4. Rest. In addition to sleep, light days and rest days are an integral part of avoiding injury. On the whole, from what I’ve observed, most climbers tend to climb/train too much and not rest enough, when in fact, it’s generally better to be undertrained than overtrained, and more rest (within reason) is almost always the best choice – especially if there’s any doubt in your mind about whether you’re recovered enough to climb hard for the day. This tough reality presents a real mental challenge for dedicated climbers, who are often barraged by mental messages of doubt (“You’re losing fitness! You should be training! Everybody else is climbing more!”), but in reality, rest – including lighter days or even lighter weeks of climbing and training – is an essential part of a smart injury-prevention plan. And of course, resting when you’re sick is a no-brainer. Let your body heal rather than loading more stress onto an already stressed system.
  5. Pacing. A subset of rest, pacing here involves how much you rest between efforts or sets (for resistance training) as well as pacing yourself when you know you’re going to be climbing multiple days in a row or a lot of days in a relatively short time (like a nine-day climbing trip). Climbing all nine days probably isn’t the best plan for top performance or injury prevention. Planning at least two rest days into those nine days is a smart tactical choice, along with one or two lighter days of seriously moderate climbing for you. In addition to that overall plan, pacing yourself throughout each climbing day can help prevent injuries (and promote better and more consistent performance) as well. This means if you’re climbing two days on and plan to try routes that challenge you on both those days, that you warm up well, then put in two to four fewer efforts in on difficult terrain than you potentially could – so you leave burns in the tank and don’t drain your body’s resources down close to nothing on your first day out. And, you rest between burns more than you might expect, too, so that you allow your body to recover as fully as possible between each effort. (For more on #’s 3-5, see my earlier entry in this series on resting).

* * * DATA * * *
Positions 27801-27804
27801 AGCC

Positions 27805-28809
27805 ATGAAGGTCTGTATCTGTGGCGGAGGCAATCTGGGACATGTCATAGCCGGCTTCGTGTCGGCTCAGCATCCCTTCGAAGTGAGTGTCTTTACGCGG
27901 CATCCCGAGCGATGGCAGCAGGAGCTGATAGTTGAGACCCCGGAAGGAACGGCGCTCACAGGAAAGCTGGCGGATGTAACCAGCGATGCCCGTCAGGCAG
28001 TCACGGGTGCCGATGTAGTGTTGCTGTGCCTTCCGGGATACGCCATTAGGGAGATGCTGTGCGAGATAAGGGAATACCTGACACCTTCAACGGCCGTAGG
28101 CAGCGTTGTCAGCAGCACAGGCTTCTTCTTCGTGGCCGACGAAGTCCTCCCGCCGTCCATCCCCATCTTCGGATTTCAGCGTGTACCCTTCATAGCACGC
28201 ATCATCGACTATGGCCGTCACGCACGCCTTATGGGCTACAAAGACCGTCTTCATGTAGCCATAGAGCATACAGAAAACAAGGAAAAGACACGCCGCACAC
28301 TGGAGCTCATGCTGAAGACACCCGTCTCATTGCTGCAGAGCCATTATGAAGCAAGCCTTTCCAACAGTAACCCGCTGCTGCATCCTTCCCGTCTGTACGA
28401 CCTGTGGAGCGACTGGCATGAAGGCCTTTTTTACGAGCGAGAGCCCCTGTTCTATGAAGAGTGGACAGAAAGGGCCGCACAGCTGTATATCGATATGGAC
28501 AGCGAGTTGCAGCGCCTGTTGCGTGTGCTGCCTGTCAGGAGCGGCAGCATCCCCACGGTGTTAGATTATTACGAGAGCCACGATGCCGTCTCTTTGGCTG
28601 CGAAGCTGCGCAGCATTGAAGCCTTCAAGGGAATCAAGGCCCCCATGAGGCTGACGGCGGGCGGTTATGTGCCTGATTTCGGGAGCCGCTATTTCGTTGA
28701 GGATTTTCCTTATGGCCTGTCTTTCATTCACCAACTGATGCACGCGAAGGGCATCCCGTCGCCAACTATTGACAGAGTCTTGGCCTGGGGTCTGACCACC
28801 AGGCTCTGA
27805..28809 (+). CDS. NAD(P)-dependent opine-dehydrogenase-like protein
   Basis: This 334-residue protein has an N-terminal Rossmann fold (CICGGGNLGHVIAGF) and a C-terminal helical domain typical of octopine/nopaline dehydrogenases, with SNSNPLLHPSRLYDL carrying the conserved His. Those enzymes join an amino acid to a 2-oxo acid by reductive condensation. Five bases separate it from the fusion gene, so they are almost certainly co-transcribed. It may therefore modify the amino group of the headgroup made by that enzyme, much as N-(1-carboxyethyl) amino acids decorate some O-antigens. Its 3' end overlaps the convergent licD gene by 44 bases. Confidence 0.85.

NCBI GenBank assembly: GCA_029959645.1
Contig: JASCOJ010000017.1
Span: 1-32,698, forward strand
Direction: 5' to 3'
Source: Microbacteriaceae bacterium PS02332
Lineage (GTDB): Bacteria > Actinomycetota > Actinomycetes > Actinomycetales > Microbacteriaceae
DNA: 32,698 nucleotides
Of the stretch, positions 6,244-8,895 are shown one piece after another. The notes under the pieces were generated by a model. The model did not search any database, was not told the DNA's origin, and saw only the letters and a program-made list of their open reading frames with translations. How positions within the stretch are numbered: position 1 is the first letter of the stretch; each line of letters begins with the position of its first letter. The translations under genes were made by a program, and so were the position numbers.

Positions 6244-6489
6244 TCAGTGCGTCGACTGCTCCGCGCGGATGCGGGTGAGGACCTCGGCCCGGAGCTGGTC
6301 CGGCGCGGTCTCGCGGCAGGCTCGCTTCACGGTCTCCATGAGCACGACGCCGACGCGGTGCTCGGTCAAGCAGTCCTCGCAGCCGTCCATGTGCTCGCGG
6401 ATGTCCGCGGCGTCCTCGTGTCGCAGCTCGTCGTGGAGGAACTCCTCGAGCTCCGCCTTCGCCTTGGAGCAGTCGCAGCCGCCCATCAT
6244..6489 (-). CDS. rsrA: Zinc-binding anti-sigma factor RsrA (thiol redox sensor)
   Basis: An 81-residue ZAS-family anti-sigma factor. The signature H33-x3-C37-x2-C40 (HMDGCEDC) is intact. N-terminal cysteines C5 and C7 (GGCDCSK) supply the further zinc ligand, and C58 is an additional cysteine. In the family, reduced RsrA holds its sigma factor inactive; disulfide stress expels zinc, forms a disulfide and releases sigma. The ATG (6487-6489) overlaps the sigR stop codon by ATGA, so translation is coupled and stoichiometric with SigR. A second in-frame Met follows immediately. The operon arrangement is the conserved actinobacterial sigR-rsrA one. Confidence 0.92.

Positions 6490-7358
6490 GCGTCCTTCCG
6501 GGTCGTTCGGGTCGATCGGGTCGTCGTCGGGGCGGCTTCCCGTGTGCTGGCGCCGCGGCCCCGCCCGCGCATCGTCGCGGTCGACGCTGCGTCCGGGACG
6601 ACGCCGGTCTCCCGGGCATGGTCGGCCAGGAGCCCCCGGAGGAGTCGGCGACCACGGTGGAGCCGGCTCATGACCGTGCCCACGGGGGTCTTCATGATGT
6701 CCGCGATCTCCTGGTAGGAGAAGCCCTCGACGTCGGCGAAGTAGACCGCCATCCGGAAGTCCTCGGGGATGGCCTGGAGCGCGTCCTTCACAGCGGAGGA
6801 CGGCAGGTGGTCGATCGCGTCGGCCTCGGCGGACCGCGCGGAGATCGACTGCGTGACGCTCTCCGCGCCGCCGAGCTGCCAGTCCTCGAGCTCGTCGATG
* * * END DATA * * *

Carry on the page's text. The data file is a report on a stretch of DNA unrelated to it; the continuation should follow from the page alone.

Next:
This multipart series of blogs and articles starts here, in case you have to catch up – you’ll also find a full table of contents, complete with links, in that entry. My designation of each area as “easy,” “medium” or “hard” is purely subjective. I’ve arrived at the designations from my personal experience garnered from 20+ years of climbing along with observations I’ve made as a climbing coach/certified personal trainer. You may find some of the areas harder or easier to change. You also might not agree with me or my take on things. That’s fine – feel free to take it or leave it as you wish! Also, remember that the information I provide here is purely offered as advice and that no exercises or training program should be undertaken without receiving medical clearance from a healthcare professional.

One other caveat: As will be true for all of the entries and articles in this series, if you’ve already mastered or maxed out the topic at hand to the best of your ability level, you’ll reap far fewer benefits or none at all from my suggestions – good for you that you figured it out, but sorry I couldn’t help you out more. Happy climbing and training!